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Not much to European playing cards ... a lot of material about possible forerunners of European playing cards and objects, which somehow were similar to playing cards.
Interesting in the aspect, that playing cards likely came from China.
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Thanks Huck!

I was working on dividing the Visconti PMB into four directions to see if there was anything visually that grouped them like the order they were accepted in 50-100 years later. I think I have mentioned this before. It just reminded me of Cross and Circle board games that used dice to get to the center. Teams of Four groups of 19 or 16 cards formed into recognizable melds. Something like that anyway
Well the 'Direction upwards' is pretty obvious.

~Rosanne
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These Trionfi decks have 5 suits, not 4.

Well, each cross form has a center, so it really doesn't change much.


Popess-Empress-Emperor-Empress
... Magician with 4 suit signs at the table

Love-Chariot-Justice-Hermit
... Fortuna with wheel with 4 persons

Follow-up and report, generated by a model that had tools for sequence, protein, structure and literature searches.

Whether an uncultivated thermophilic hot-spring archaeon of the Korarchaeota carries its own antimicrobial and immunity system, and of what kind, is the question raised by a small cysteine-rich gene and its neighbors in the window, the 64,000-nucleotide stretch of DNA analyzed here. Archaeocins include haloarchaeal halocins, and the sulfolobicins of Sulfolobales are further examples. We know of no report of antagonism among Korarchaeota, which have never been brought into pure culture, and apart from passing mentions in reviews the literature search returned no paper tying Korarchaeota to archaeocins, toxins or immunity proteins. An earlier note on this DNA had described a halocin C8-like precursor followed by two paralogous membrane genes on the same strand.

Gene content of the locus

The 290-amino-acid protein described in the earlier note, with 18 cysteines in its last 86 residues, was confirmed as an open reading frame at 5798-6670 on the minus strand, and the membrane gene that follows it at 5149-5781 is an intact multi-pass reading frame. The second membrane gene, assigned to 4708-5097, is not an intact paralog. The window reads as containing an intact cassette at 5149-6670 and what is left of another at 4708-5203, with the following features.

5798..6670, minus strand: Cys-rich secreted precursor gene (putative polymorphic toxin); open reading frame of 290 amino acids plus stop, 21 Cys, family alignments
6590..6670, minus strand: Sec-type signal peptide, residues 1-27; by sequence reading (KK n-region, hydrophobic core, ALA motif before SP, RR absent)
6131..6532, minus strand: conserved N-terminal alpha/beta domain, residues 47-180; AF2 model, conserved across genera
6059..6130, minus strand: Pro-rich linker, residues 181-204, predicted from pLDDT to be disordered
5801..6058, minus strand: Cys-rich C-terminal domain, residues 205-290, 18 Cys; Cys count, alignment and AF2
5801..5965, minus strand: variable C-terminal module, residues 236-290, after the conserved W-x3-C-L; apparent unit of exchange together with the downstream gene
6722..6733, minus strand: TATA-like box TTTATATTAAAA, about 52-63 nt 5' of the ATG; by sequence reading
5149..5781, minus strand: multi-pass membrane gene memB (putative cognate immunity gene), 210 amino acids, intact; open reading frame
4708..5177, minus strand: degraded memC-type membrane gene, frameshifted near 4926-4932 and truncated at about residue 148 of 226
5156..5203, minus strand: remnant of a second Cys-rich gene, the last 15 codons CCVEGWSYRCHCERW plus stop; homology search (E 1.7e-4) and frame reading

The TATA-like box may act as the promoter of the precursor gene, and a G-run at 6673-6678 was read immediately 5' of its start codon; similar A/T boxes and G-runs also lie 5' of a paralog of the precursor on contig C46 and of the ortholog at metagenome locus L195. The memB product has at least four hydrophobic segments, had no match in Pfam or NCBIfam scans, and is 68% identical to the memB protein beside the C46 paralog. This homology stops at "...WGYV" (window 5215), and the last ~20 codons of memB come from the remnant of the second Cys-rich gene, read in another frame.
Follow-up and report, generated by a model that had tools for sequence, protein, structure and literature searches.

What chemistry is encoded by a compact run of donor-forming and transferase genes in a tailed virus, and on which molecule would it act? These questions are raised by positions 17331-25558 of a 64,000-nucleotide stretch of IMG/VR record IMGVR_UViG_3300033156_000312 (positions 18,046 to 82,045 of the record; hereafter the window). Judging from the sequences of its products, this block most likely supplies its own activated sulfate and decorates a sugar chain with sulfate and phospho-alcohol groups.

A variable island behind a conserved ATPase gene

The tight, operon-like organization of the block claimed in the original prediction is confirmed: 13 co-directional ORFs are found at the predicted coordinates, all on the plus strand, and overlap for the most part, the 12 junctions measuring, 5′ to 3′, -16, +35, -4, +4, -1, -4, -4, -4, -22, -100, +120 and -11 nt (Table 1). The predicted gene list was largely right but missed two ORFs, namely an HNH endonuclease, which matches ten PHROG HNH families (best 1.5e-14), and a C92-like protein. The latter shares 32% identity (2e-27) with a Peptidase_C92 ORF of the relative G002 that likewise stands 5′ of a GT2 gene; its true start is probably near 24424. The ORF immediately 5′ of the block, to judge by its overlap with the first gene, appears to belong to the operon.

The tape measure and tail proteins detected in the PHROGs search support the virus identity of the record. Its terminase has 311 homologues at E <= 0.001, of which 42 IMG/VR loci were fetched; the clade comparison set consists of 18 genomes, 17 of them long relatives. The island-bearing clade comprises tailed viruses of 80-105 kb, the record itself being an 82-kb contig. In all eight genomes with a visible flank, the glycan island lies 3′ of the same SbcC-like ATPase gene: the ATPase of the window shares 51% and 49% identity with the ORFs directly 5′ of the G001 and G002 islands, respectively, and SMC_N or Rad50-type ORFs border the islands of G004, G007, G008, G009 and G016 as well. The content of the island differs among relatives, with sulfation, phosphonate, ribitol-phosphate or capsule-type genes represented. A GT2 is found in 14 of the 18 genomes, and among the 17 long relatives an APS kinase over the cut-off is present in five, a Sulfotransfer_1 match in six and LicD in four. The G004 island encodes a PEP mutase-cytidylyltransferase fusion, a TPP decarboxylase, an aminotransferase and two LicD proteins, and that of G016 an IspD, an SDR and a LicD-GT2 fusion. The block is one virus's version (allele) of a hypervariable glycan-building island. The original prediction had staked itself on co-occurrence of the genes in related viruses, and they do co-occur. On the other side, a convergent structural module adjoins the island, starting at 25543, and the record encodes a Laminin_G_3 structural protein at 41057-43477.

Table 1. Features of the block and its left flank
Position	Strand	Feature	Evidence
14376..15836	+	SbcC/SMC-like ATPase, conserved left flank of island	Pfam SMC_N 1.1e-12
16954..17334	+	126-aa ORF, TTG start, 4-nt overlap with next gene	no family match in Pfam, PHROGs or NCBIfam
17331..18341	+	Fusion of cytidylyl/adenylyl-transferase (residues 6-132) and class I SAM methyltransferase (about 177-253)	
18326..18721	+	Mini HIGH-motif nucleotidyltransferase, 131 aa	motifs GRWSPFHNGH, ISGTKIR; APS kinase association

Normal card deck:

Ace
... 2-3-4-5

6-7-8-9 ...
Banner (10)

Ace and 10 are usually distinguished by "nice painting".
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Quote:
Originally Posted by Huck

Popess-Empress-Emperor-Empress
... Magician with 4 suit signs at the table

Love-Chariot-Justice-Hermit
... Fortuna with wheel with 4 persons

Exactly. So visually you can see this. You can group them without the numbers, and they follow a plan.
Popess/Empress/Emperor/Pope =all on thrones
Lovers/Chariot/Justice/Wheel =little people
Hermit/Force/HM/Temperance = Hand action people
Then Death like in Chasing the Goose early board Game (turning point)
Star/Moon/Sun
Then Heaven down here- Heaven up there The Fool and the starter Bateleur.

So all that is out of place is The Hermit and in some deck examples he is not 9 and WOF is not 10 and Justice seems to move about a little.

~Rosanne
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Quote:
Originally Posted by Rosanne
Exactly. So visually you can see this. You can group them without the numbers, and they follow a plan.
Popess/Empress/Emperor/Pope =all on thrones
Lovers/Chariot/Justice/Wheel =little people
Hermit/Force/HM/Temperance = Hand action people
Then Death like in Chasing the Goose early board Game (turning point)
Star/Moon/Sun
Then Heaven down here- Heaven up there The Fool and the starter Magician.

So all that is out of place is The Hermit and in some deck examples he is not 9 and WOF is not 10 and Justice seems to move about a little.